equilibrium was never reached and the Articles of Confederation failed at
establishing a harmonic relationship between the Federal and State governments.

  
State representatives and the Founding Fathers
decided to overhaul the Articles, and instead adopt a Constitution in 1787. The
Constitution sought to create a Republic as defined by the Age of Enlightenment
or Western Philosophy. The Constitution aimed to question the traditional
institutions displaced by a monarchy and quell the disputes between the Federal
and State governments.

Although the
Constitution was seen as a great improvement to its predecessors, debate
still existed in regards to the rights of the American citizen. During George
Washington’s first presidency, opponents routinely questioned the limitations
of the individual, citing Britain as an example of a government which was
simply too powerful. State leaders believed that the powers given to the Government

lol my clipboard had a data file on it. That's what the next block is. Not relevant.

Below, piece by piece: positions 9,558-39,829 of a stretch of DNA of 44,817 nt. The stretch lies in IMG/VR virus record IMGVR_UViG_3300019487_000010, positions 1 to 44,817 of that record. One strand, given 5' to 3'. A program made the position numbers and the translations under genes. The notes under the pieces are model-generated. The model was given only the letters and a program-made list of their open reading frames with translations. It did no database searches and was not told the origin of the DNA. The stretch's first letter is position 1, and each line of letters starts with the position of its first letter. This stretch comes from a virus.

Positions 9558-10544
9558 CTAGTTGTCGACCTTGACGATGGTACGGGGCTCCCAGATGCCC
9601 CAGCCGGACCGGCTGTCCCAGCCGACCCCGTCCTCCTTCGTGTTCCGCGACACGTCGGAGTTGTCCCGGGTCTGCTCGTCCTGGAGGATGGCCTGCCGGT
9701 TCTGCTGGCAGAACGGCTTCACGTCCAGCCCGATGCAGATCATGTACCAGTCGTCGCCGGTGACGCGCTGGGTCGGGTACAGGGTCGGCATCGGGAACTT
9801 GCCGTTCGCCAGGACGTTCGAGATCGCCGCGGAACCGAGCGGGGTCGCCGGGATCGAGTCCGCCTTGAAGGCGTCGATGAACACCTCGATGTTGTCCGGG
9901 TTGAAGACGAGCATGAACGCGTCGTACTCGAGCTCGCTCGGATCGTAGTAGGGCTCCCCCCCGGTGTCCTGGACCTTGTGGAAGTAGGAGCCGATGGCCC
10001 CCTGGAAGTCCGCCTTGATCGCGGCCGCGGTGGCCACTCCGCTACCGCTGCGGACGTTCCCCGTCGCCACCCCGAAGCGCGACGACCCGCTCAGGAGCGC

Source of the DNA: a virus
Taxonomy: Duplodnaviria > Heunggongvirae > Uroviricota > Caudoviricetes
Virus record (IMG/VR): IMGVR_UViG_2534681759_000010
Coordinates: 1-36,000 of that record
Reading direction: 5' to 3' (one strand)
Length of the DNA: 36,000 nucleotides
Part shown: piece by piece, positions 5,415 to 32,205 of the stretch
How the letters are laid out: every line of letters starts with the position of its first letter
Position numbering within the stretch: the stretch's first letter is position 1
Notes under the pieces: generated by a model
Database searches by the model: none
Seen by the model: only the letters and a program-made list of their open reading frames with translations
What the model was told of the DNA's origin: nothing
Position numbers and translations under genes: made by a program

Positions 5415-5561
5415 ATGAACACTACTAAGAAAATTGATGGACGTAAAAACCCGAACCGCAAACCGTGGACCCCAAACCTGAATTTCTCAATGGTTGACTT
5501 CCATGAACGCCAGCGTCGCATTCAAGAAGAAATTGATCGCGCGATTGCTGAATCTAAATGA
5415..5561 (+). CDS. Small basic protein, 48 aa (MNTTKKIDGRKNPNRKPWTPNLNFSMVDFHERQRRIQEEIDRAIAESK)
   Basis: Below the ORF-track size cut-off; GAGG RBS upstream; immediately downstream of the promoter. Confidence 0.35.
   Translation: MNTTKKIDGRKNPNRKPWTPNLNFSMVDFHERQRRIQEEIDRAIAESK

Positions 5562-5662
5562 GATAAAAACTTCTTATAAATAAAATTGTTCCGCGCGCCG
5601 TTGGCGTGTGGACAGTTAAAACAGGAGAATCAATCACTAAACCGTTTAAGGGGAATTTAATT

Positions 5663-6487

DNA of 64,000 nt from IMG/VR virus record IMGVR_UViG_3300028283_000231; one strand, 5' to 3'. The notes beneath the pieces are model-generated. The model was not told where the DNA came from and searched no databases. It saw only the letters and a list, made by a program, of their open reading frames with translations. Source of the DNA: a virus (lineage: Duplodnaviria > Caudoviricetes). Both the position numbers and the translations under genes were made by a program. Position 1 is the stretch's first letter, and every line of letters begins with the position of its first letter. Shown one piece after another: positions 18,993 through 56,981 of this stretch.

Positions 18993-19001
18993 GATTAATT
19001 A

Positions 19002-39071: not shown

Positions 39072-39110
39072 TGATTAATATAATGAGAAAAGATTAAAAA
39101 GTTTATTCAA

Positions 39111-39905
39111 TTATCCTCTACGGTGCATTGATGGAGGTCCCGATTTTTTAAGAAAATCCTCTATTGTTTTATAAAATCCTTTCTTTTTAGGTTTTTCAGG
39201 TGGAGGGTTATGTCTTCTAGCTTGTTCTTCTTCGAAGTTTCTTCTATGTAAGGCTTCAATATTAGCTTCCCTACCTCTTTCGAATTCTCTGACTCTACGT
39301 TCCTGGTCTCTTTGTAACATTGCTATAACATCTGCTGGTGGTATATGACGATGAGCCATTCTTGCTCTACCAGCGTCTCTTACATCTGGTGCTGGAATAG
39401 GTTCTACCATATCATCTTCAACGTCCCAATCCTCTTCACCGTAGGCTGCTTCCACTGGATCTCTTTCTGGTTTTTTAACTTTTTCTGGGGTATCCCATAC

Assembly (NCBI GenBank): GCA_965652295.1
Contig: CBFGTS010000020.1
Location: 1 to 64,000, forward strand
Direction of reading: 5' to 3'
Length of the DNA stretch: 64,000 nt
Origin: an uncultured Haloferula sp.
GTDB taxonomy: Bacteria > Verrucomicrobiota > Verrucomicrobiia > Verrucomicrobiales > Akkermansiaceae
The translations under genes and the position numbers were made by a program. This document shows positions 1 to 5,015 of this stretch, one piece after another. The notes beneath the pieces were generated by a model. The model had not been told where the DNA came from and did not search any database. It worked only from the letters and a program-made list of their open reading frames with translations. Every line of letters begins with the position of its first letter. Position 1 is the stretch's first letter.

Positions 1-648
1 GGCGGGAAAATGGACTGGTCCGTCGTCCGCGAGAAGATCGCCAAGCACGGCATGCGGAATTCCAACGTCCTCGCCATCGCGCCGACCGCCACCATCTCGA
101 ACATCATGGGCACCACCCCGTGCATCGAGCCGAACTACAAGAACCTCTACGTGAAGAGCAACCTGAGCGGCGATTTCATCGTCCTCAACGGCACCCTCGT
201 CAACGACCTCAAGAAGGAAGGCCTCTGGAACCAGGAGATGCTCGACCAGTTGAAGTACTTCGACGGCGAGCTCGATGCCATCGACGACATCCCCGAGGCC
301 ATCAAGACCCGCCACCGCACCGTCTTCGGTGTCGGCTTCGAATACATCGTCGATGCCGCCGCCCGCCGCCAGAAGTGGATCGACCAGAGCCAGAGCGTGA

were imbalanced; the Constitution would open itself to tyranny and a subsequent
revolt by the citizens would take place. To alleviate the tension imposed, an
establishment of individual rights was greatly needed.

  
On September 25, 1789, during the first
Congressional meeting in United States history, the rights for the American
citizen were officially introduced. Led by James Madison, the original rights
outlined in 1789 were unanimously passed in 1791 under the Bill of Rights. The
initial proposal included 12 Amendments, or rights, for the individual
American, but was later contracted to ten in 1791. The Bill of Rights